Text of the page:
One last note: I think consistency is huge, and it's something we've struggled with. Playing with the puppy and putting up with the nips sometimes, but being upset with him other times sends mixed messages. I believe you, and the whole family, really need to consistently and immediately draw the line when the behavior starts getting rough.

Good Luck!!
i would not do time-out in the crate. i made that mistake when layla started getting too wild, and it definitely brings a negative association to the crate, especially if they sleep there.

big big big mistake. from my experience, at least! a crate should be a calm, safe, happy place for the pup.

otherwise, i agree completely.
 

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Humankind. Be both.
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Just a note on time outs in a crate... One thing that helps prevent the negative assn is how you go about putting the pup in there. If you're angry and go about it in an, "Alright! THAT'S IT!! TIME OUT!!!" and shove the pup in the crate, you can quickly get a negative assn. If you look at it more like a cooling off period for both of you, and you crate him up with more of a "Go in your house. Good dog..." kind of attitude, then you get the benefits of the pup calming down b/c he can no longer run around and get worked up, pluse YOU get a break from the little land shark! ;-)
 

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Discussion Starter · #10 ·
We don't use the crate for time out. We put her in the boring laundry room. Nothing in there but the washer and dryer. She cries for a second, but does calm down. Thanks for all the help.
 

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Leo was vicious with his mouth when he was a puppy. I learned real quick to not move my hand, arm, or whatever appendage he had hold of. :) The dog behaviorist I worked with told me that Leo had to learn bite inhibition.

I did use then hand in the mouth technique. Leo would bit me. Carefully I would insert my hand in his mouth till he was unable to bite down. Hold it for a second or two then I presented my hand and if he would not bite me he got major praises and petting and sometimes a treat. If he would bite again the hand would go back in the mouth. I never raised my voice or for that matter vocally acknowledge him until he gave me the best behavior.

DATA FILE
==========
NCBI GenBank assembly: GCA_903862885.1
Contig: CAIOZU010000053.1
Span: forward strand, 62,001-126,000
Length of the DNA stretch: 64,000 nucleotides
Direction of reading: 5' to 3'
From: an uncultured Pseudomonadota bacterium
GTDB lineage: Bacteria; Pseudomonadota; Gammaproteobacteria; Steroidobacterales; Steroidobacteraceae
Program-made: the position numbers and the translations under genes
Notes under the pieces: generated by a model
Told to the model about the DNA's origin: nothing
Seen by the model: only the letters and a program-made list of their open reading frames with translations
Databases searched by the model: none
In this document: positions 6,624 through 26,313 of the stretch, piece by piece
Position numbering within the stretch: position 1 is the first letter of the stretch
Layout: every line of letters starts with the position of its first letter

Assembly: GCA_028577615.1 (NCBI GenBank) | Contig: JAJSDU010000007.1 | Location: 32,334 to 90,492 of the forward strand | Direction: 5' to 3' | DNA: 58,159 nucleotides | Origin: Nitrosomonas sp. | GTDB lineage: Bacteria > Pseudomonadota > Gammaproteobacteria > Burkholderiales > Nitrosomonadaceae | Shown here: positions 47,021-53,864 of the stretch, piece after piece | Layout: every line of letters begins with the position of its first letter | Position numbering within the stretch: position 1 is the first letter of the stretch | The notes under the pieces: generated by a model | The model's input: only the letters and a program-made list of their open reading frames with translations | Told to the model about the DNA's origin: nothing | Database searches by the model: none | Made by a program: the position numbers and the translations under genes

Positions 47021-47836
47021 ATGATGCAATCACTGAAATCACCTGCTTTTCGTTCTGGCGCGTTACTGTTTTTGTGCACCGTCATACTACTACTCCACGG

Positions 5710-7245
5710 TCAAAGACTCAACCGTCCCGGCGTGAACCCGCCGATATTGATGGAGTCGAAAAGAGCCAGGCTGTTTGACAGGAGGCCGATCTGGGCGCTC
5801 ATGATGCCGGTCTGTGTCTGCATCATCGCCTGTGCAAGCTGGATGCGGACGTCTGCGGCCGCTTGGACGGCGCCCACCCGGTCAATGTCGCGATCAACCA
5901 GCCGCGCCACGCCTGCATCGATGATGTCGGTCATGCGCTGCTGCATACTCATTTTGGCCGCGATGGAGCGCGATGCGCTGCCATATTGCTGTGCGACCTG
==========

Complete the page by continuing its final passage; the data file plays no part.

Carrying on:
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I have to echo what everyone else is saying: It WILL get better. At 12 weeks, not sure I would have believed it either, but here we are now and Maggie is 16 weeks and she lost several teeth this week, she sits quietly in the evening with her bones for 45 minutes to an hour, and we can actually have a conversation! Now she still has her moments/days but our evenings are vastly different from the way they were just weeks ago. So hang in there.

Also, just keep trying different ideas people share. Not everything works with every dog. I just picked up a great idea last week and started to use it with Maggie (sorry that I can't remember whose idea it was to give proper credit here--please forgive me). It was to put a treat in your fist and show the pup a little bit of it. Tell her "gentle" as she reaches for it (hold on tight). If she uses any hard touch/teeth, back off. It's also a good way to help the pups deal with frustration. Maggie wanted it to badly and she knew exactly what she was supposed to do to get it finally.

We also freeze ice cubes with blobs of peanut butter in them. Maggie loves them and works hard to get to the pb. Frozen carrots keep her occupied too.

This forum was a great comfort to me to realize my puppy was normal--not insane or not absurdly aggressive, just normal. And that gave us the confidence to keep pushing through! (But try to enjoy it as well--take lots of pictures--it's amazing how fast they grow up!!)
 

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Payton is the exact same way. We have tried everything I've seen on this forum and nothing has worked. She's started loosing teeth so I'm hoping we are coming to the end of this craziness.
 

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i would not do time-out in the crate. i made that mistake when layla started getting too wild, and it definitely brings a negative association to the crate, especially if they sleep there.

big big big mistake. from my experience, at least! a crate should be a calm, safe, happy place for the pup.

otherwise, i agree completely.
We have been aware of the danger of negative associations for the crate. As FlyingQuizini talked about, we put Barney in the crate in a very calm manner, not substantially different than normal nap or sleep times.

When he's riled up, we don't yell at him or even ask him to go to the crate. I just calmly pick him up, speak to him gently, and carry him to his crate, then ask him to go in.

So far, so good. Barney is always perfectly content to go to his crate, and he settles down in there right away. Sometimes the time out is 15 minutes, sometimes he was ready for a nap and it's a couple hours.

Works for us but, as they say, YMMV.